Summer is here, which means “Vacation Time!” Many of us traveling for pleasure have high hopes to receive excellent service along the way. Our tipping habits can make the difference between good service and great service, but many times, we are confused about whom to tip, when to tip, and the appropriate amounts to tip.
The word “tip” is an acronym for “T
romptness.” Remember, the amount of the tip is always based upon the level of customer service.
Here are some tipping guidelines
: Porter or Skycap. Tip a minimum of two dollars per bag. Tip more if the bags are heavy. One to two dollars extra for curbside check-in is optional. You are not expected to tip flight attendants during the flight. Tip three to five dollars for wheelchair assistance, and if the person goes out of their way, tip more.
. Taxi, limo, or van driver—tip 15 percent of the total fare. Driver of courtesy shuttle—tip two dollars per traveler and more if the driver helps with bags. Valet or parking attendant—tip two to five dollars when the car is returned to you. Do not tip for dropping off the car, but always tip when picking it up for departure. Some car services include gratuity in the fee, so make sure the tip is not included beforehand.
Emergency Roadside Service
. Consider the level of danger and the difficulty of the repair. Tip an additional amount if it is roadside service versus in the safety of a parking lot. Towing service—tip five to twenty dollars depending upon circumstances and your desperation. Jump start—tip five to ten dollars. Tire change—tip five to ten dollars. Locked out of car—tip five to ten dollars.
: Doorman. Tip two dollars for hailing a cab, two to three dollars for help with your bags in or out of the car, and three to five dollars per bag for bringing bags to your room.
. If the bellman just carries the bags to the front desk and then disappears, save the tip for the person who carries the bags to your room. When the bellman delivers your bags to your room or from your room when you check out, tip three dollars per bag. Tip more for additional services.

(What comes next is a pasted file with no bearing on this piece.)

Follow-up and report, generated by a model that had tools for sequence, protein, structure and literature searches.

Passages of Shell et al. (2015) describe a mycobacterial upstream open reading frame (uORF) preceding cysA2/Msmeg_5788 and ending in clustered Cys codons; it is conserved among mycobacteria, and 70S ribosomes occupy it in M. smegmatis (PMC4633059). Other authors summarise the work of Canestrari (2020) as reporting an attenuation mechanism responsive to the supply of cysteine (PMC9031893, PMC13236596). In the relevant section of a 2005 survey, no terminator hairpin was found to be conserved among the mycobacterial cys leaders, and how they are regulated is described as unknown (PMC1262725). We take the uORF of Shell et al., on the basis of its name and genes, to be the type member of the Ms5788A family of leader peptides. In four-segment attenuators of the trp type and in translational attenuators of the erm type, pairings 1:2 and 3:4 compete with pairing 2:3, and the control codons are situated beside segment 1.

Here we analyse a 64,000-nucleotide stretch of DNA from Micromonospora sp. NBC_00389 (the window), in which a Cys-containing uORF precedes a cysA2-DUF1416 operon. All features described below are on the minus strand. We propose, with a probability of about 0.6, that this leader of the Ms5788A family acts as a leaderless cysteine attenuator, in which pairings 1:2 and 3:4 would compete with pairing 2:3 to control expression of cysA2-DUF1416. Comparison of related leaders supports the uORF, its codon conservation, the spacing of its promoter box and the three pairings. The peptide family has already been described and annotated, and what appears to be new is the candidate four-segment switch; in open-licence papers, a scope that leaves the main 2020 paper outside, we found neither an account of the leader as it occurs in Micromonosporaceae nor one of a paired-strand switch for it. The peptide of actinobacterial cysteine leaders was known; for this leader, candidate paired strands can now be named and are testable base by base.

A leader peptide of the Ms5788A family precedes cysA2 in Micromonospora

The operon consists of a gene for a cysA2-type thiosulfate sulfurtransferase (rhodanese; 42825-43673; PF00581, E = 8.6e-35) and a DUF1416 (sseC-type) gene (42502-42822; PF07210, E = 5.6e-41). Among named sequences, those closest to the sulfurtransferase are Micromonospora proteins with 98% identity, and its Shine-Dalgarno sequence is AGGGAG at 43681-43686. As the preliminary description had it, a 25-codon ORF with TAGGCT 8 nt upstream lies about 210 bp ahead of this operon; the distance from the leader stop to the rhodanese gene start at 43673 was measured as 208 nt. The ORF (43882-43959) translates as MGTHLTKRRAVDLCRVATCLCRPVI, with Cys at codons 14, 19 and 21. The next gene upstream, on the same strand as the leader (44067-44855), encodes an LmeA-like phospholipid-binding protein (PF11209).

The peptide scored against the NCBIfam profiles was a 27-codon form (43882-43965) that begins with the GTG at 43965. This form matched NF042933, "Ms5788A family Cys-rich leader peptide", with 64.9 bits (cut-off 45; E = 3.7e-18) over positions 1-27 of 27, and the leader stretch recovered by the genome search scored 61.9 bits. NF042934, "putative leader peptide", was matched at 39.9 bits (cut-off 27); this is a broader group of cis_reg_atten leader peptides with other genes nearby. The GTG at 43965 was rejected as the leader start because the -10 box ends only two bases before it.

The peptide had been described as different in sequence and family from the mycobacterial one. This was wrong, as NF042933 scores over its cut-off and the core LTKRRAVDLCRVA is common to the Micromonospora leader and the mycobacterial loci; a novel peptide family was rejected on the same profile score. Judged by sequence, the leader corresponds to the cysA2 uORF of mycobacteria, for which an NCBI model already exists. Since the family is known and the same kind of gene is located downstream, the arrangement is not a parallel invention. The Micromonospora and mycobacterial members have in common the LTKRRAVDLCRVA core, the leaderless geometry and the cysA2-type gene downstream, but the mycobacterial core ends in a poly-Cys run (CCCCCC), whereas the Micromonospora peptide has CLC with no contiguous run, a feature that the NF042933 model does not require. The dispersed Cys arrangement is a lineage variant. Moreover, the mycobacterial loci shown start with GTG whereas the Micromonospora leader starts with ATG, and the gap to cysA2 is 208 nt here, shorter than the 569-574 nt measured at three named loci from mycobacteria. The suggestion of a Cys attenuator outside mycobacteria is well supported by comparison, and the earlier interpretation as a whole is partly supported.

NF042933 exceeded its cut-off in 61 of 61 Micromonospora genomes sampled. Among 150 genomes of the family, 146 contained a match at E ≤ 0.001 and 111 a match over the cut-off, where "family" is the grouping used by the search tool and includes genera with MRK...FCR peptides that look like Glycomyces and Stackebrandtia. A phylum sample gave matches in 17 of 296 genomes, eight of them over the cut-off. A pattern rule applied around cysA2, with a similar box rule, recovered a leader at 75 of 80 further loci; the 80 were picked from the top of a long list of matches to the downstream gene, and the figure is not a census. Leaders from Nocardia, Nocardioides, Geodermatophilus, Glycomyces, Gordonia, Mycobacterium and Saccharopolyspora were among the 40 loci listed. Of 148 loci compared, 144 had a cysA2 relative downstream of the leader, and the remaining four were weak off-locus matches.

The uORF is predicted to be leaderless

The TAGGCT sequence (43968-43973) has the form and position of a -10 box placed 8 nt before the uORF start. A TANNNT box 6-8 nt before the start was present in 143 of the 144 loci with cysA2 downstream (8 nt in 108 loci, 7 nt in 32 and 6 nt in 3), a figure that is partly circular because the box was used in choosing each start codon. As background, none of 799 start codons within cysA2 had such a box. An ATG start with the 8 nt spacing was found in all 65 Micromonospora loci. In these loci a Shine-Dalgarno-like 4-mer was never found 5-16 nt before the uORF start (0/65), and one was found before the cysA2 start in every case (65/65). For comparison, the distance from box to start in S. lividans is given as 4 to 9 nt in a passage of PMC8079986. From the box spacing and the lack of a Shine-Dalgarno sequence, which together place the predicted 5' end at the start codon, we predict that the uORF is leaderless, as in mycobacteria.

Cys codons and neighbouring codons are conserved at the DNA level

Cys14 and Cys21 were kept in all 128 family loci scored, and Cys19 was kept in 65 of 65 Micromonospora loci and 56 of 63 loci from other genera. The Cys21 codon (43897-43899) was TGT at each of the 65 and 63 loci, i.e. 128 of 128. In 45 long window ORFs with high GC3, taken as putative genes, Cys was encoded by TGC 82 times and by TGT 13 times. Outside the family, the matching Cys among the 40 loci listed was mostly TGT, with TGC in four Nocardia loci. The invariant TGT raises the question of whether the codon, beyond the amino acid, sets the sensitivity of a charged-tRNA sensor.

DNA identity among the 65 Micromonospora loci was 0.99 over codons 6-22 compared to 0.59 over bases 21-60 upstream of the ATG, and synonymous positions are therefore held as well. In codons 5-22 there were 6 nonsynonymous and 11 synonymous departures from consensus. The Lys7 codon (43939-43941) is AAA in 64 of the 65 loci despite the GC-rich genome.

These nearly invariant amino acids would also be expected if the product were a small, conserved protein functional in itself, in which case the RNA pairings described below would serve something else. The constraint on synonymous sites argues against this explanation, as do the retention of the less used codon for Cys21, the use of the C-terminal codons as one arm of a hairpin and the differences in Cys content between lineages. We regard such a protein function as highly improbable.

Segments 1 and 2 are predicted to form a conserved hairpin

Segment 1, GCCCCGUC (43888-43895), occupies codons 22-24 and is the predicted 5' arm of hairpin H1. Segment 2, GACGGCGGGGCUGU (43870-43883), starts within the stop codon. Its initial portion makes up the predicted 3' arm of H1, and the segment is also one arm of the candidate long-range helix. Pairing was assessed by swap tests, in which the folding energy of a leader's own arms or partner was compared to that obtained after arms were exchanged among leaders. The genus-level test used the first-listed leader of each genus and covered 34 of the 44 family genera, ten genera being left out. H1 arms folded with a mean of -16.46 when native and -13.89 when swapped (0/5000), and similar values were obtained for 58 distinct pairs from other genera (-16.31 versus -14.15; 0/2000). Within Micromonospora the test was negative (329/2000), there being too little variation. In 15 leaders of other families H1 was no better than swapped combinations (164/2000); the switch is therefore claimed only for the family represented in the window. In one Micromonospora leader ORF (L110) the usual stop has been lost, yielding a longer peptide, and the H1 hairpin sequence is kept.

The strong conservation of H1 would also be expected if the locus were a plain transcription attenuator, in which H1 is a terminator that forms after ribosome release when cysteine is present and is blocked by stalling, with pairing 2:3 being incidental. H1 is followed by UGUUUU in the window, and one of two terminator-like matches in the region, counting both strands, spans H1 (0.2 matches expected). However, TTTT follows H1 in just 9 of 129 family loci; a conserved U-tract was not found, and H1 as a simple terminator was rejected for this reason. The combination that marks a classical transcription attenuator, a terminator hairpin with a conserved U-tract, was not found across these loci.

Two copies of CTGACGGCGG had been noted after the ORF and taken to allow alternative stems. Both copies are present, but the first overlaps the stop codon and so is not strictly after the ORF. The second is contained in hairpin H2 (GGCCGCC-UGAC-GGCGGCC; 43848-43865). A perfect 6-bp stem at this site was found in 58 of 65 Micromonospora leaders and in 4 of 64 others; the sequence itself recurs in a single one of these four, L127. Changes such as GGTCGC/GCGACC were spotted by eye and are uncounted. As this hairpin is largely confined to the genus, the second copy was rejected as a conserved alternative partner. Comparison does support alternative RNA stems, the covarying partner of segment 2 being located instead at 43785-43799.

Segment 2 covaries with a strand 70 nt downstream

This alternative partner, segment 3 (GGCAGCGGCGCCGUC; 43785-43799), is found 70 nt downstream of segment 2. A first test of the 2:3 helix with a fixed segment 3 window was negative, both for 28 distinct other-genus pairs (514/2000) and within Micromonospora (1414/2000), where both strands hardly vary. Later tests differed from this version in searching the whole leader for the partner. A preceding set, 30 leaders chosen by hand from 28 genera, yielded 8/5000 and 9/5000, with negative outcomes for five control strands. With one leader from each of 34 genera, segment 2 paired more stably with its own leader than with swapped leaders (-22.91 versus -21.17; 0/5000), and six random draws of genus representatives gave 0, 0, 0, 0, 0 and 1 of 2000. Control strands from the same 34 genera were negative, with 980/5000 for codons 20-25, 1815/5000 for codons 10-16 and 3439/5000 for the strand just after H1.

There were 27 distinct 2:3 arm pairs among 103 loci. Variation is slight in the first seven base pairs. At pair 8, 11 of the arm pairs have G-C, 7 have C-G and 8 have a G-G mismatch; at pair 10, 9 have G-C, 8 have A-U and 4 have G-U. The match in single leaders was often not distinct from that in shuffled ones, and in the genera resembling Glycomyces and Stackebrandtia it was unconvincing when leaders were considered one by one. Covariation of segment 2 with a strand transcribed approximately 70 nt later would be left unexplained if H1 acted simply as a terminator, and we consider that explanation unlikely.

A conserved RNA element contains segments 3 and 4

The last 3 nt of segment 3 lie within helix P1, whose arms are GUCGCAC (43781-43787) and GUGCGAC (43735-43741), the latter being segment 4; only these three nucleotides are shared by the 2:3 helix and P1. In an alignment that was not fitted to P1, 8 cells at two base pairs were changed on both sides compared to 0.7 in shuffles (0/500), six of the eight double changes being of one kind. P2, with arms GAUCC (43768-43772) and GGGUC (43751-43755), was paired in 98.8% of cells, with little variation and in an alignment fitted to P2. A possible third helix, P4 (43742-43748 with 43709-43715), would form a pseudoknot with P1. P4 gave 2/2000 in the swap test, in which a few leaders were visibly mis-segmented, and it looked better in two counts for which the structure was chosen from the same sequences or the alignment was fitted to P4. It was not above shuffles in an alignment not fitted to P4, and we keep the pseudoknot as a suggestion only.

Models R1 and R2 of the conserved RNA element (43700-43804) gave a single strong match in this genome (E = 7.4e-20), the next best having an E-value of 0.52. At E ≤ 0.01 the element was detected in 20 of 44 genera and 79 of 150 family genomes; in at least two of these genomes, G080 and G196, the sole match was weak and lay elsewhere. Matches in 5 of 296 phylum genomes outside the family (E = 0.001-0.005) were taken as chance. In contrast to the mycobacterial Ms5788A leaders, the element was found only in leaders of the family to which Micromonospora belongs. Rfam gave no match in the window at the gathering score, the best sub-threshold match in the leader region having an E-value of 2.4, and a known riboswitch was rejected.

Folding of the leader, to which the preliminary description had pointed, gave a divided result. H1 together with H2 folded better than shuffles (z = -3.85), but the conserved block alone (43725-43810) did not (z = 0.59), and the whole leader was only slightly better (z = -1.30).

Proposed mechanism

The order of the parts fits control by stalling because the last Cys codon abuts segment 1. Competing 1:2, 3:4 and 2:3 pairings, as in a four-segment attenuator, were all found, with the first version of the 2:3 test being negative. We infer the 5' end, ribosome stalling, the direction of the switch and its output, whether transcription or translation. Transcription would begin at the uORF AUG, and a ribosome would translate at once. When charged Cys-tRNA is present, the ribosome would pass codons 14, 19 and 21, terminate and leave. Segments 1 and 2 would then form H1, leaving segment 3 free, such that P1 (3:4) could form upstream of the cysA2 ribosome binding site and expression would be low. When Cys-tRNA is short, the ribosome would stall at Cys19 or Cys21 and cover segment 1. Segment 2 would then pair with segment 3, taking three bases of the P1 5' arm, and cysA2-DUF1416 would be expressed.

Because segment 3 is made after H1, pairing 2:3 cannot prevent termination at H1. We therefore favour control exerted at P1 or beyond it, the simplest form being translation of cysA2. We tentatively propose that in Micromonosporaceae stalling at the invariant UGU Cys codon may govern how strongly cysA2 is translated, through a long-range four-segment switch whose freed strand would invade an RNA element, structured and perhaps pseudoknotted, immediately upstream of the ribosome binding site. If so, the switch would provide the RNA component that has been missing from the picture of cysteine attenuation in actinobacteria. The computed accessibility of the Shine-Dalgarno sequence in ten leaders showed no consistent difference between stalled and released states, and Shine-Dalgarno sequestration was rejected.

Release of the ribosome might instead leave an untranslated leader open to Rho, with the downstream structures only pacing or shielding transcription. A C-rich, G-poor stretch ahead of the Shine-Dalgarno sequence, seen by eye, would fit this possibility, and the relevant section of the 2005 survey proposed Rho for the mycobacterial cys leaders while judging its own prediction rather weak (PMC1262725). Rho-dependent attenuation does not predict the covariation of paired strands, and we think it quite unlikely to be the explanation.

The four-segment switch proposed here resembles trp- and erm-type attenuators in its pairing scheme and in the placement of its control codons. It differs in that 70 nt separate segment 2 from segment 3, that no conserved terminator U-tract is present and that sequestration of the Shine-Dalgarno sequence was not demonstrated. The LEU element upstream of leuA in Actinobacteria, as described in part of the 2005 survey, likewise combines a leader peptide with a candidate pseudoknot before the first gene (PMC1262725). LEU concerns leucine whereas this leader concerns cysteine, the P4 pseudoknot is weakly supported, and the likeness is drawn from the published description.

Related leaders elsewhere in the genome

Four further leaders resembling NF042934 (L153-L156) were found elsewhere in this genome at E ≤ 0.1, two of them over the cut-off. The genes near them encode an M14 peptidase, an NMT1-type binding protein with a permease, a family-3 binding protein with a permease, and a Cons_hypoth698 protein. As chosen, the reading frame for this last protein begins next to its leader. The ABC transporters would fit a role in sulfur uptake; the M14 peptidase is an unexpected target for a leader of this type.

. Tip five to ten dollars for help with hard-to-get dinner reservations or theater tickets. Tipping is optional for recommendations. Tipping the concierge should be done at the time of service.
. If gratuity is included on your check, no additional tip is required. If it is not included, add 15–20 percent to the total charge, depending on level of service. If you request extra pillows or an iron, tip a minimum of two dollars.
. Tip one to three dollars per day. Tip daily because there might be a different maid each day. Leave the tip on your pillow or in an envelope labeled “housekeeping.”
IT Support Staff
. Tip minimum of five dollars for computer setup and help.
. Maitre d’. Tip ten dollars for a special table, complicated reservations, or a large party. Coat check—tip two dollars per coat. Wine sommelier—tip 8 to 10 percent of wine bill. Bartender—tip one dollar per drink. Wait person—tip 15 to 20 percent of total bill (the busing staff receives a portion). Restroom attendant—tip one dollar.
Spas, Salons, Barbers, Manicures, or Facials
. Normally, tip 15 percent. Massage therapist—tip 15 percent. Salon or spa package—determine in advance whether a service charge is included. If none is included, then tip 10 to 20 percent, split among the service providers. You can ask for it to be divided, pay (and thank) each person at the time of service, or leave it in envelopes available at the front desk. Barber—tip 15 to 20 percent. Hair stylist—tip 15 to 20 percent. Shampoo—tip two to five dollars. Shoeshine—tip two to five dollars.
A salon question asked over and over is: “Should I tip the owner of a salon, or is it considered an insult?” Melissa Renee, owner of MK Salon in Dallas, erases this old adage—“It is simple: tipping is up to the client’s discretion. Tipping the stylist should always be based upon service, not tenure or ownership.”
. Find out in advance what the tipping policy is for the ship. If you are supposed to tip, ask if it is done at the end of the trip or at the time of service. Oftentimes, at the end of the cruise, passengers are provided envelopes with suggested tip amounts. If you are supposed to tip, budget at least twenty dollars per day for all of the service employees: waiter—five dollars per day per person; cabin steward—five dollars per day per person; bus boy—two dollars per day per person; maitre d’—not necessary unless special services provided; bar steward—usually, 15 percent is automatically added to bill; baggage handlers/porters—two dollars per bag.
. Check ahead to determine if the tip is included. If not, give 10 to 15 percent of the tour price.
Remember when traveling keep plenty of small bills available for tipping. Also remember tipping is an option and should be based on excellent service.
Joy Weaver is a nationally renowned speaker, etiquette expert, and author of “Just Ask Joy… How to Be Socially Savvy in All Situations”—a book highly endorsed by Jean and Zig Ziglar. Joy represents designer Joseph Ribkoff and is a regular guest on ABC’s Good Morning Texas. She is nationally published and has been featured on ABC’s The View, in the Associated Press, New York Times, USA Today, Southern Living Magazine, Dallas Morning News, and The Dallas Business Journal. Protocol Enterprises/Just Ask Joy is based in Dallas and has served clients across the country since 2000. You can follow Joy at www.twitter.com/SociallySavvy or www.allthingsrefined.blogspot.com or learn more at www.justaskjoy.com.